Paradonea striatipes (Miller, Jeremy A., Griswold, Charles E., Scharff, Nikolaj, Xezac, Milan, Sz q ts, Tamas & Marhabaie, Mohammad 2012)
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- Paradonea striatipes Miller, Jeremy A., 2012, ZooKeys 195: 67-69.
Diagnosis. Distinguished from other Eresidae except Gandanameno, some Dresserus, Stegodyphus dumicola, Stegodyphus tentoriicola, and Loureedia annulipes by the bifid conductor (Figs 13J, K, 68G, H); distinguished from Dresserus and Gandanameno by the palpal conformation, which has a proximal-ventral axis with the helical embolus encircling the distal part (obliquely ventral-dorsal in Dresserus and Gandanameno with the embolus encircling the ventral part, Figs 12G-I, 13D-F, 33I-K, 48A-C); distinguished from Stegodyphus dumicola, Stegodyphus tentoriicola, and Loureedia annulipes by the shape of the conductor branches, which strongly diverge in orientation and feature a curved, spine-like dorsal branch and a broad ventral branch with several small sharp processes (Fig. 68H). Distinguished from other eresids except Paradonea parva, Paradonea presleyi sp. n., Seothyra, and some Stegodyphus by the enlarged leg I (Fig. 68A, B), distinguished from Paradonea parva, Paradonea presleyi sp. n., and Seothyra by the presence of a dense brush of setae, especially on the tibia (Fig. 68A, B); distinguished from Paradonea presleyi sp. n. and Stegodyphus by the separation of the median eyes on the vertical axis (Fig. 10A; broadly overlapping in Paradonea presleyi sp. n. and Stegodyphus, Figs 11E, 70I). Paradonea striatipes has the PLE in a more advanced position (ca. 0.25) than most other eresids (Fig. 11B; Dresserus, Gandanameno, and Stegodyphus may also have the PLE around 0.25). The markings, especially the distribution of white setae, are unique (Fig. 68A-C). The palpi are relatively small proportional to body size compared to other eresids (Fig. 68B).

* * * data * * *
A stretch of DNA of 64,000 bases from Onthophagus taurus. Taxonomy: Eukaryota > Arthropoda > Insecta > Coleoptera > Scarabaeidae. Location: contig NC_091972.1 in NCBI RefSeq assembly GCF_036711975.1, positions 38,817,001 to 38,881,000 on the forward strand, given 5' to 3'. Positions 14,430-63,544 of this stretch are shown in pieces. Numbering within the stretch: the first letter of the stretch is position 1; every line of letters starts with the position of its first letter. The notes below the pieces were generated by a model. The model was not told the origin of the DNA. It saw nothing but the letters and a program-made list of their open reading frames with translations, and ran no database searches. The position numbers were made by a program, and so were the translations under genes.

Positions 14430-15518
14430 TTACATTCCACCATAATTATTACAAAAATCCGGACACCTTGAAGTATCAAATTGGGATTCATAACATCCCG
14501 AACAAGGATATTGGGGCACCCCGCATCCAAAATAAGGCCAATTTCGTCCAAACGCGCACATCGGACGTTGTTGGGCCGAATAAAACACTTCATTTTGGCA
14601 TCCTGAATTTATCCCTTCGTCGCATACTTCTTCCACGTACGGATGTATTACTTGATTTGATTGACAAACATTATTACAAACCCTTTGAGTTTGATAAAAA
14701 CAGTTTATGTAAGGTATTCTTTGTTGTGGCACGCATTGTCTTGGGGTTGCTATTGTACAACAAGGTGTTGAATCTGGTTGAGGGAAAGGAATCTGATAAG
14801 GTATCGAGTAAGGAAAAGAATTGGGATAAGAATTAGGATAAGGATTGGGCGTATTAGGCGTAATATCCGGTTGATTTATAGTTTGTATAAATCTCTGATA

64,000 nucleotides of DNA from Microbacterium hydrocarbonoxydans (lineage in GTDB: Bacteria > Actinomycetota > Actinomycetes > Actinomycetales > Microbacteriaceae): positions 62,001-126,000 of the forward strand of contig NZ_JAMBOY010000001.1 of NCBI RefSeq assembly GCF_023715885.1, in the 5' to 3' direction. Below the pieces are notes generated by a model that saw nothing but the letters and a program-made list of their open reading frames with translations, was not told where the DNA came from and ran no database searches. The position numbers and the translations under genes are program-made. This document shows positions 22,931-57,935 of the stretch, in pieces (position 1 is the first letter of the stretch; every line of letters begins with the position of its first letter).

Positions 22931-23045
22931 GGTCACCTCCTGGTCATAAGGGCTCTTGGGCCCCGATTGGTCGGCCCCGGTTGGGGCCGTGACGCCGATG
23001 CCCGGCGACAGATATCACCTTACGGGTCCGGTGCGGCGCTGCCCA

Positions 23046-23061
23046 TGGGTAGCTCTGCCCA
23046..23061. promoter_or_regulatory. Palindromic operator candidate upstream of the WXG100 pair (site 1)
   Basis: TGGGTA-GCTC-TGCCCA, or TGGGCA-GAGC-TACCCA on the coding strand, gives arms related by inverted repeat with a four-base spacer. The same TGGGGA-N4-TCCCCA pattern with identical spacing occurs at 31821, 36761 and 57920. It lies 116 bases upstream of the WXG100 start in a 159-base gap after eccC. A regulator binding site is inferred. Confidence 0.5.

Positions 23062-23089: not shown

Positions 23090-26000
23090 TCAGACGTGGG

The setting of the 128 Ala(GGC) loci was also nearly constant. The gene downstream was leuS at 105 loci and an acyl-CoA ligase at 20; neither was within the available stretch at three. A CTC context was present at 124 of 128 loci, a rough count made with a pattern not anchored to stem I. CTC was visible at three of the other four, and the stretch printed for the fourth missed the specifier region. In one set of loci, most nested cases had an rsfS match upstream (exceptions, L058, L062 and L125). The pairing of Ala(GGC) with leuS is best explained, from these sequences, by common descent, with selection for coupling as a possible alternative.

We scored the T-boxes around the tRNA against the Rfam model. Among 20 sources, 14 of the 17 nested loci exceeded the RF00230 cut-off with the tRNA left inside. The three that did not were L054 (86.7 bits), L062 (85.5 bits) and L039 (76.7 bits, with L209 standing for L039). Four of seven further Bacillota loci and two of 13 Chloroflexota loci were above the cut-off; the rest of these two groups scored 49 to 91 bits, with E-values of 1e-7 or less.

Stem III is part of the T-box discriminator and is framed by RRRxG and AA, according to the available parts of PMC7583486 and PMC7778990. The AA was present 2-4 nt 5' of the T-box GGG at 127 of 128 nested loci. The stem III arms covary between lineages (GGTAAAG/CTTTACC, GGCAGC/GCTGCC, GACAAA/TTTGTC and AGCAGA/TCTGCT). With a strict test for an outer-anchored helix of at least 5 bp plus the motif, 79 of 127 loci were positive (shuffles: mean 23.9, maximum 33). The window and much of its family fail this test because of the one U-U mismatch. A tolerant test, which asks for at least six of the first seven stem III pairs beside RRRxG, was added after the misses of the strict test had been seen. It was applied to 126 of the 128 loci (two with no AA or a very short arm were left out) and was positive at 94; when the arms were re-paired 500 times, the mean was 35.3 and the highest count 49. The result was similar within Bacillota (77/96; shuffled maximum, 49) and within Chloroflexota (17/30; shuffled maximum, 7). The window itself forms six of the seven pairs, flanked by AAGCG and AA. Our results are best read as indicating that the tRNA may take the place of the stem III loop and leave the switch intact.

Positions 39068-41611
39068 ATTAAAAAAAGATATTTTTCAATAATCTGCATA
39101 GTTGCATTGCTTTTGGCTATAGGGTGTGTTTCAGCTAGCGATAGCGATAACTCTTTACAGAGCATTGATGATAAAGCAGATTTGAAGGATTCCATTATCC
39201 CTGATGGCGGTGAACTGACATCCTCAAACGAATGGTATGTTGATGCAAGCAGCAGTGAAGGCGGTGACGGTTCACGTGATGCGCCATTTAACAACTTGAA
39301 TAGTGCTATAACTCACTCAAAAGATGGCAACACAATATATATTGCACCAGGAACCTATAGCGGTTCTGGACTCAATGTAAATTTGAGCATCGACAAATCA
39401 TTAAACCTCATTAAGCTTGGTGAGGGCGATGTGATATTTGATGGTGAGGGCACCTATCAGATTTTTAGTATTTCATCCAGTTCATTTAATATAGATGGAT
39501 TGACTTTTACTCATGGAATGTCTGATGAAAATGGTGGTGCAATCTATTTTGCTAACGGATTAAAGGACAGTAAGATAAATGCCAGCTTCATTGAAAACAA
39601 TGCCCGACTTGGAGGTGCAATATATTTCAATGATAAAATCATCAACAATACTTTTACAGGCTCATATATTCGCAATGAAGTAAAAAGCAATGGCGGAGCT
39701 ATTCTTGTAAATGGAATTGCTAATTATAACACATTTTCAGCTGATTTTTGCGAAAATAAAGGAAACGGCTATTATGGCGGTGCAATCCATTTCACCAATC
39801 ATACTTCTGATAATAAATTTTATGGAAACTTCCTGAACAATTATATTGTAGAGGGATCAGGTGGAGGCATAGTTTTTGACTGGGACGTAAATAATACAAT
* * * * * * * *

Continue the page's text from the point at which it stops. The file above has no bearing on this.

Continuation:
Description. Male (Outjo Namibia, NMBA05700, BMSA): Carapace with broad band of white setae around margin and between AME; cephalic region subtriangular, longer than wide, strongly raised; AME distinctly smaller than PME (AME/PME 0.33), median eyes widely separated on horizontal axis, adjacent on vertical axis; ALE on distinct tubercles; PER much narrower than AER (PER/AER 0.82), PLE position on carapace 0.25; clypeal hood forms acute angle; fovea shallow. Chelicerae with lateral boss, basal three quarters covered in white setae, contiguous mesally. Legs with bands of white setae, especially dorsally along the length of most segments; leg I somewhat thickened and elongated, tibia I with brush of dark setae; with scattered ventral macrosetae on tibia II-IV and metatarsus and tarsus I-IV. Abdomen black with series of irregular transverse stripes formed by thick patches of white setae (Figs 10A, B, 68A-C). Male palp with proximal-distal axis; tegulum moderately elongate, subtrapezoidal; second loop of sperm duct follows complicated path featuring multiple switchbacks; conductor and embolus together form apical complex making 1.5 helical turns; conductor with conspicuous bifid apophysis arising from retrolateral side, consisting of a spine-like dorsal branch curving distally for nearly 180° and a broad, flattened ventral branch with several small sharp processes along the ventral and distal margins; tegular division longer than embolic division; cymbium with a few mesosetae (only slightly thicker than normal setae) over dorsal to prolateral surface (Figs 12J, K, 68G, H). Female: Unknown.